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January 19, 2015

ECB's QE Options

By Sober Look

The ECB is currently in the process of designing a fresh €500bn securities purchase program. There are multiple options on the table and the central bank is having staff run through a number of scenarios. Asset classes and asset quality scenarios run the gamut - from AAA assets only to everything from BBB- and up. The possibilities include government bonds only as well as a mix that also contains private credit. This is all in addition to the ABS and covered bond buying programs already in place. 

But here comes the tough part - risk sharing. The ECB is looking at three possibilities:

Method-1. The full amount of securities purchased is shared based on each member-state ownership of the ECB (capital subscriptions). This is how risk has been shared so far on purchases by the central bank. It would be similar to the so-called Securities Market Program (SMP), which is how the ECB originally got stuck with defaulted Greek debt. Of course the Germans, with their 26% exposure to the ECB, are quite unhappy about this.




Method-2. Another option on the table is to run bond purchases similarly to the so-called emergency liquidity assistance (ELA). In such a program "any costs of, and the risks arising from, the provision of ELA are incurred by the relevant NCB" (NCB stands for National Central Bank, such as the Bank of Italy for example). In such structure, each NCB would buy some prescribed amount of its nation's government bonds and assume all the risk of these purchases. Thus the Bank of Italy, not the ECB, would assume all the risk for Italian government bonds it purchases via this program.

While this option would appease Germany, such action would edge closer to a decentralized Eurozone, risking the disintegration of the monetary union. At the same time it also doesn't completely segregate the risk because many periphery NCBs owe the Eurosystem money via TARGET2. That means if one of the NCBs becomes insolvent due to an over-concentrated exposure to its national bonds, it could still be damaging to the ECB's stakeholders.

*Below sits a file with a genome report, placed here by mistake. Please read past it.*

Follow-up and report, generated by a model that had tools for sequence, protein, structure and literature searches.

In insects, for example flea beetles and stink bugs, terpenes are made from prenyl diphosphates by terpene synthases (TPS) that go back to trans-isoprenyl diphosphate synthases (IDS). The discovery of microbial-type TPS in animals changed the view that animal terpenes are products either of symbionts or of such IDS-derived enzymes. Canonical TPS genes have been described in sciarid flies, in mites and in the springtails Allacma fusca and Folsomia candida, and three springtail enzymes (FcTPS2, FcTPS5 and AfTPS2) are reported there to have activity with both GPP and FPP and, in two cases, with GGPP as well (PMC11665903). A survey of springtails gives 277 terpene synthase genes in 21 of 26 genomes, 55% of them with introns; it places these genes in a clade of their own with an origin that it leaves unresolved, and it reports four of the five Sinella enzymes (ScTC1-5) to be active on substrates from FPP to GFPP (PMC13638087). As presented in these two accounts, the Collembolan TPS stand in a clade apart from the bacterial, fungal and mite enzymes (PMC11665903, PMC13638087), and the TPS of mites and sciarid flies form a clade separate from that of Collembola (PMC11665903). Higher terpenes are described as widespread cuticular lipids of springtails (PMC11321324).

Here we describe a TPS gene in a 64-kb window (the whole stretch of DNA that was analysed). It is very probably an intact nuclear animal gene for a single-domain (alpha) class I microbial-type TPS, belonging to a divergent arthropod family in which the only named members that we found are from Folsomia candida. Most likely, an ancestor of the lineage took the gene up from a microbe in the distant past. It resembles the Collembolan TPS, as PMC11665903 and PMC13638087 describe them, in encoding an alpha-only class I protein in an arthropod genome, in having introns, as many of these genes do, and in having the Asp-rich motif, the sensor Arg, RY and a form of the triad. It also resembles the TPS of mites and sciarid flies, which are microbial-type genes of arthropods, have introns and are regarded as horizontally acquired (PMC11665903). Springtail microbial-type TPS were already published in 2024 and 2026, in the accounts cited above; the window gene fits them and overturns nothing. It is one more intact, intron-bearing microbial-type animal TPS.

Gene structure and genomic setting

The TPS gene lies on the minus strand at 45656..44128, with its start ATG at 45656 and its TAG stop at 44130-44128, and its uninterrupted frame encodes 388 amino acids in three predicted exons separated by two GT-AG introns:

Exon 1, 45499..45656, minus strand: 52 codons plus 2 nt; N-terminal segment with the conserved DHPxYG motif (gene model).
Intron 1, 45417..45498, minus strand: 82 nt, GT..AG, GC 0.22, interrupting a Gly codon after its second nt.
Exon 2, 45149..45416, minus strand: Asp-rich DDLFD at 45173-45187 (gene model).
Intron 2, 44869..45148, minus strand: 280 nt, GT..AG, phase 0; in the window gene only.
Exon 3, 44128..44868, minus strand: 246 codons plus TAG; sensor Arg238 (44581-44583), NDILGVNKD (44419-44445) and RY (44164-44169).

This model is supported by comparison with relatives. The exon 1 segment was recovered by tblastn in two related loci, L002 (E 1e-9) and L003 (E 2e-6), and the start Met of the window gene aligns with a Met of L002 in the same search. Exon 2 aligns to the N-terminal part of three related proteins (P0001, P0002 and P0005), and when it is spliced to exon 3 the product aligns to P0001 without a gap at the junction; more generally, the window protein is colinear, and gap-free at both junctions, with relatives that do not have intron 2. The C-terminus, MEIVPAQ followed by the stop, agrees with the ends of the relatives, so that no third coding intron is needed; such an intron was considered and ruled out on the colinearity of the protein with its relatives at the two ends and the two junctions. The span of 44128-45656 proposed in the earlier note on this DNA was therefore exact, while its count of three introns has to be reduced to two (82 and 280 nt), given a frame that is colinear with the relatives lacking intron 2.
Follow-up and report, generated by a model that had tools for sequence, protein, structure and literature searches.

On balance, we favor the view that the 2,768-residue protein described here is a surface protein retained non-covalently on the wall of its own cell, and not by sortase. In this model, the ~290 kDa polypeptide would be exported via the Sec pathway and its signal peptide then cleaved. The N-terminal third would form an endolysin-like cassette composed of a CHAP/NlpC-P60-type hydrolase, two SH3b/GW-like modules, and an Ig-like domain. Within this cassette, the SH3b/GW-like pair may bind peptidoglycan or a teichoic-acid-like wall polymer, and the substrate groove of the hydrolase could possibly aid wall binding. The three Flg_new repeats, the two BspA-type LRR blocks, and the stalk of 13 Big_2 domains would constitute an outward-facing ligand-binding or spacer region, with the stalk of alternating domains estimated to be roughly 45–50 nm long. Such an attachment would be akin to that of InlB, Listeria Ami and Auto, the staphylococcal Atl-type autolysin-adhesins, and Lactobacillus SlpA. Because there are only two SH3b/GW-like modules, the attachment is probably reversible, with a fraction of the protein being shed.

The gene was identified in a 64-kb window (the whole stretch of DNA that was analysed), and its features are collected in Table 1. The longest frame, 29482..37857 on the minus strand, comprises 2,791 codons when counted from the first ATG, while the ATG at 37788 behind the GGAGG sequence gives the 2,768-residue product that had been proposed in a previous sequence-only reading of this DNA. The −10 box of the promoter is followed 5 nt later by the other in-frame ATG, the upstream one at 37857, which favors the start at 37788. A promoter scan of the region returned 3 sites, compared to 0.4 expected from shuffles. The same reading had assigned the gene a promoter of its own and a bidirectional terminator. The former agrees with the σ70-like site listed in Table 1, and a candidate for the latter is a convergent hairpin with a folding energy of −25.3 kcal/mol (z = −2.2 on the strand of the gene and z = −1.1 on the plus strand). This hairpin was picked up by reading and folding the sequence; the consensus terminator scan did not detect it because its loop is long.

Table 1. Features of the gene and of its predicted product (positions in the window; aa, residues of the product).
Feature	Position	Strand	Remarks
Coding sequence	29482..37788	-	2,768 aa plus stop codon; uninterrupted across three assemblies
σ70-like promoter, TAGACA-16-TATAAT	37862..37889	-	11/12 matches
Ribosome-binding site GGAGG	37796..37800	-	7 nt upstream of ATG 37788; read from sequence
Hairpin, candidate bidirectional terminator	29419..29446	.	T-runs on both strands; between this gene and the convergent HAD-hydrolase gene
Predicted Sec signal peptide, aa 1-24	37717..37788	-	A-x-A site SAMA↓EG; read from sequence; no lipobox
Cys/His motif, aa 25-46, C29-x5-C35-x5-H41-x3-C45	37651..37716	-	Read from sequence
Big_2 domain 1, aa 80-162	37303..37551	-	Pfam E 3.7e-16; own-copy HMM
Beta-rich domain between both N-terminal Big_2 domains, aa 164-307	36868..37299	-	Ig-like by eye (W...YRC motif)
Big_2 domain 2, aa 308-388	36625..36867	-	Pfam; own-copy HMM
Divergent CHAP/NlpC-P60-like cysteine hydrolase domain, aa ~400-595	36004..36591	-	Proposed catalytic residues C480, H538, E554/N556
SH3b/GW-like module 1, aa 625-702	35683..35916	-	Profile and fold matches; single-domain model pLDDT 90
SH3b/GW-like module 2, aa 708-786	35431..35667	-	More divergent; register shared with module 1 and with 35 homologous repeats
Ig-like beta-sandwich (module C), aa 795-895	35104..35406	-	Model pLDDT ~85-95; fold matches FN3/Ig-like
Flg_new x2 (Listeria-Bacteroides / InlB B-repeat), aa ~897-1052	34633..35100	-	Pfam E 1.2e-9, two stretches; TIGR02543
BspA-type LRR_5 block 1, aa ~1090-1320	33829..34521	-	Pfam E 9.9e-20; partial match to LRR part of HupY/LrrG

Method-3. The third option would apply Method-1 of risk sharing (above) up to some amount of purchases (let's say the first €250bn), after which the ECB reverts to Method-2 (above) for the remaining purchases.

At this point it's all about picking the "lesser evil". Any large government bond purchase program in the euro area creates a moral hazard, removing the incentives for fiscal discipline. With interest rates at historical lows driven by central bank purchases, politicians are likely to institute new spending programs - such as the ones that brought about the Eurozone crisis.

Nevertheless the ECB has little choice at this point as deflation knocks at the door. The area's CPI is now in the red (and France is expected to be there shortly), while longer dated inflation expectations are collapsing.

5y5y forward inflation swap rate (source: @Schuldensuehner)

Furthermore, the programs deployed thus far, such as TLTRO, have been simply inadequate to address these rising deflationary pressures. One way or another, quantitative easing in the Eurozone is now inevitable.   
Consolidated Eurosystem balance sheet (source: ECB)
Courtesy Sober Look (EconMatters author archive here

The views and opinions expressed herein are the author's own, and do not necessarily reflect those of EconMatters.

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